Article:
Claims (29)

1. A method comprising:
providing a substrate, the substrate having a surface, the surface including a source area, a drain area, and a channel area, the substrate including an oxide semiconductor layer on the surface of the substrate, a first dielectric layer on the oxide semiconductor layer overlying the channel area of the substrate, and a first metal layer on the first dielectric layer; and
implanting hydrogen ions in the oxide semiconductor layer overlying the source area and the drain area of the substrate to form doped n-type oxide semiconductor layers, wherein the implanting is performed via a plasma-immersion ion implantation process.
2. The method of claim 1, wherein an ion energy of the hydrogen ions is less than about 5 keV.
3. The method of claim 2, wherein the ion energy is controlled in the plasma-immersion ion implantation process by a bias applied to a chuck holding the substrate.
4. The method of claim 1, wherein the plasma-immersion ion implantation process includes applying a pulsed direct current bias to a chuck holding the substrate.
5. The method of claim 1, wherein a bias applied to a chuck holding the substrate during the plasma-immersion ion implantation process is configured to implant hydrogen ions throughout a thickness of the oxide semiconductor layer.
6. The method of claim 1, wherein the plasma-immersion ion implantation process includes:
locating the substrate in a first process chamber; and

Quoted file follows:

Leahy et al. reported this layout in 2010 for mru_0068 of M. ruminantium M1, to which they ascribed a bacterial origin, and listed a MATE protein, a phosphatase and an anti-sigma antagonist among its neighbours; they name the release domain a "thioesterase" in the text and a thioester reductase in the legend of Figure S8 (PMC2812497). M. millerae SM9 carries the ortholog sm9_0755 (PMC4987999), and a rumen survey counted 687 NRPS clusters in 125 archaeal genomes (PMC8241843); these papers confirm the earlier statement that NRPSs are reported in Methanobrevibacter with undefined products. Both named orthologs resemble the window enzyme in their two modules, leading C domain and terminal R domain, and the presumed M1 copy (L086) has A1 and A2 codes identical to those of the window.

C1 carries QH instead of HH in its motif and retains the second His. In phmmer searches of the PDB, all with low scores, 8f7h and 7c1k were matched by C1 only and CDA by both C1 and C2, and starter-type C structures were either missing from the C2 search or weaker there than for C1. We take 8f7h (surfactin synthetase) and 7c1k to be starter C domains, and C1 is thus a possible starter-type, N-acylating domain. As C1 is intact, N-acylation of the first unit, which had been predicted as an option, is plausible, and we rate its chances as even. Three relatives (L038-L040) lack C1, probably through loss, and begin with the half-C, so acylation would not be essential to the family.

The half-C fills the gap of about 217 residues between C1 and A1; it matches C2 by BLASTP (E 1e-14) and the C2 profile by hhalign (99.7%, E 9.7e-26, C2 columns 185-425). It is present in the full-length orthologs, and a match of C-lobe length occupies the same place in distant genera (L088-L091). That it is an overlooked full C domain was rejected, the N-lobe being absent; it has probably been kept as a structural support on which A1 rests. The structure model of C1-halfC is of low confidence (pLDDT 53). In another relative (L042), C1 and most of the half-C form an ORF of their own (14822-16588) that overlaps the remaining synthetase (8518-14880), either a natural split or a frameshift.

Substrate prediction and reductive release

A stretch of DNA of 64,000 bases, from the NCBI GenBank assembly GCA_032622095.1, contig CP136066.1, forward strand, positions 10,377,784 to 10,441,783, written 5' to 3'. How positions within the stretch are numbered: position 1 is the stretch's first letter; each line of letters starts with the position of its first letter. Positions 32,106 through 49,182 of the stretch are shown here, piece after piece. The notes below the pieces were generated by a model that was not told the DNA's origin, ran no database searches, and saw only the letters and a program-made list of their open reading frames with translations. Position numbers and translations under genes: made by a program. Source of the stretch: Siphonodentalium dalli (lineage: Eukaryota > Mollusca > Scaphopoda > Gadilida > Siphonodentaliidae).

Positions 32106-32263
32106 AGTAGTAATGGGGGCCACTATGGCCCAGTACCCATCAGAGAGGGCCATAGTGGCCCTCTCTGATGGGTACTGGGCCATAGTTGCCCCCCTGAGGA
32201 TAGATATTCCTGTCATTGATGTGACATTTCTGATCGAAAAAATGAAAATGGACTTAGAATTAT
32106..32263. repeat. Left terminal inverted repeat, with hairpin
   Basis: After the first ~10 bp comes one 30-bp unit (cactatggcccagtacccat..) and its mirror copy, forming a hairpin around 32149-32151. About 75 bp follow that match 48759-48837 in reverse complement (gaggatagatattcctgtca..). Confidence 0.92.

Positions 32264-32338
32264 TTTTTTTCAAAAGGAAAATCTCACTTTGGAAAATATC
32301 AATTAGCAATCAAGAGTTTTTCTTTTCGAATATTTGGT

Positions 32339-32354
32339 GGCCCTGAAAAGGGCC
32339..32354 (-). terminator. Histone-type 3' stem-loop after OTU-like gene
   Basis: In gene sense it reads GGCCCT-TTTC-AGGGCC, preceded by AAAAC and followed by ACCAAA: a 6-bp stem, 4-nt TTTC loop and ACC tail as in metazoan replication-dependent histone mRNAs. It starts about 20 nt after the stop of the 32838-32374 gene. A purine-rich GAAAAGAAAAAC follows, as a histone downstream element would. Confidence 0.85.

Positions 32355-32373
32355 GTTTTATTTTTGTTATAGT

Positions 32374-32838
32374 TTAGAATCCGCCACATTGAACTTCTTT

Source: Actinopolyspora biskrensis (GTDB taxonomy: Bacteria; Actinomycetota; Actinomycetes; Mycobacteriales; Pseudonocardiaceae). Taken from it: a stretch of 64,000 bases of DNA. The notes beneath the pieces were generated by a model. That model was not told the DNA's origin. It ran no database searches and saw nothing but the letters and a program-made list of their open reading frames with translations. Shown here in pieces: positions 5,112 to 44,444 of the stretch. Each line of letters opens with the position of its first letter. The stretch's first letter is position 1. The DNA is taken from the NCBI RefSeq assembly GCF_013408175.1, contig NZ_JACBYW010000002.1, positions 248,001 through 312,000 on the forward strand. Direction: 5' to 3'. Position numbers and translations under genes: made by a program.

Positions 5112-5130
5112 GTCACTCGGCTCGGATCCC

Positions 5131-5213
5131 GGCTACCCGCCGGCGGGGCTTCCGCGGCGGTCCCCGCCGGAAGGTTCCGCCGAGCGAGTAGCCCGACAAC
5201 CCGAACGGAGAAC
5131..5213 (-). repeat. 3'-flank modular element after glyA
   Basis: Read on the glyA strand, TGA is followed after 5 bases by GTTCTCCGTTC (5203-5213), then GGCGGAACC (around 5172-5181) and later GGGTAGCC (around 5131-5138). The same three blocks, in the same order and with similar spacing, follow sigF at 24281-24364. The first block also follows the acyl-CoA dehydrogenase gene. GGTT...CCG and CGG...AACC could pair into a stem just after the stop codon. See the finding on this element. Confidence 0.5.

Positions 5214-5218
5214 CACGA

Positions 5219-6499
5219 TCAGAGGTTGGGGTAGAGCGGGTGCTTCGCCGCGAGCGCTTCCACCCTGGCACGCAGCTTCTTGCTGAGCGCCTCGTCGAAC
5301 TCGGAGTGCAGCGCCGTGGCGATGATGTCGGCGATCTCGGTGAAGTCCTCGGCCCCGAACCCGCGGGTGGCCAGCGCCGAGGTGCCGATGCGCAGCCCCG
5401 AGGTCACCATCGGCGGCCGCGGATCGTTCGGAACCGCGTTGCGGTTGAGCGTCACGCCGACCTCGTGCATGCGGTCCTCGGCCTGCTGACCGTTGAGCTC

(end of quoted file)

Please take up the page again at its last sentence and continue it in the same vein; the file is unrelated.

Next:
generating hydrogen ions in a plasma in a second process chamber.
7. The method of claim 1, further comprising:
forming a second dielectric layer on the first metal layer and the doped n-type oxide semiconductor layers;
removing portions of the second dielectric layer to expose the doped n-type oxide semiconductor layer overlying the source area of the substrate and the doped n-type oxide semiconductor layer overlying the drain area of the substrate; and
forming a first and a second contact, the first contact contacting the doped n-type oxide semiconductor layer overlying the source area of the substrate, and the second contact contacting the doped n-type oxide semiconductor layer overlying the drain area of the substrate.
8. The method of claim 1, further comprising:
before implanting hydrogen ions in the oxide semiconductor layer to form the doped n-type oxide semiconductor layers overlying the source area and the drain area of the substrate, forming a second dielectric layer on the first metal layer and on the oxide semiconductor layer overlying the source area and the drain area of the substrate; and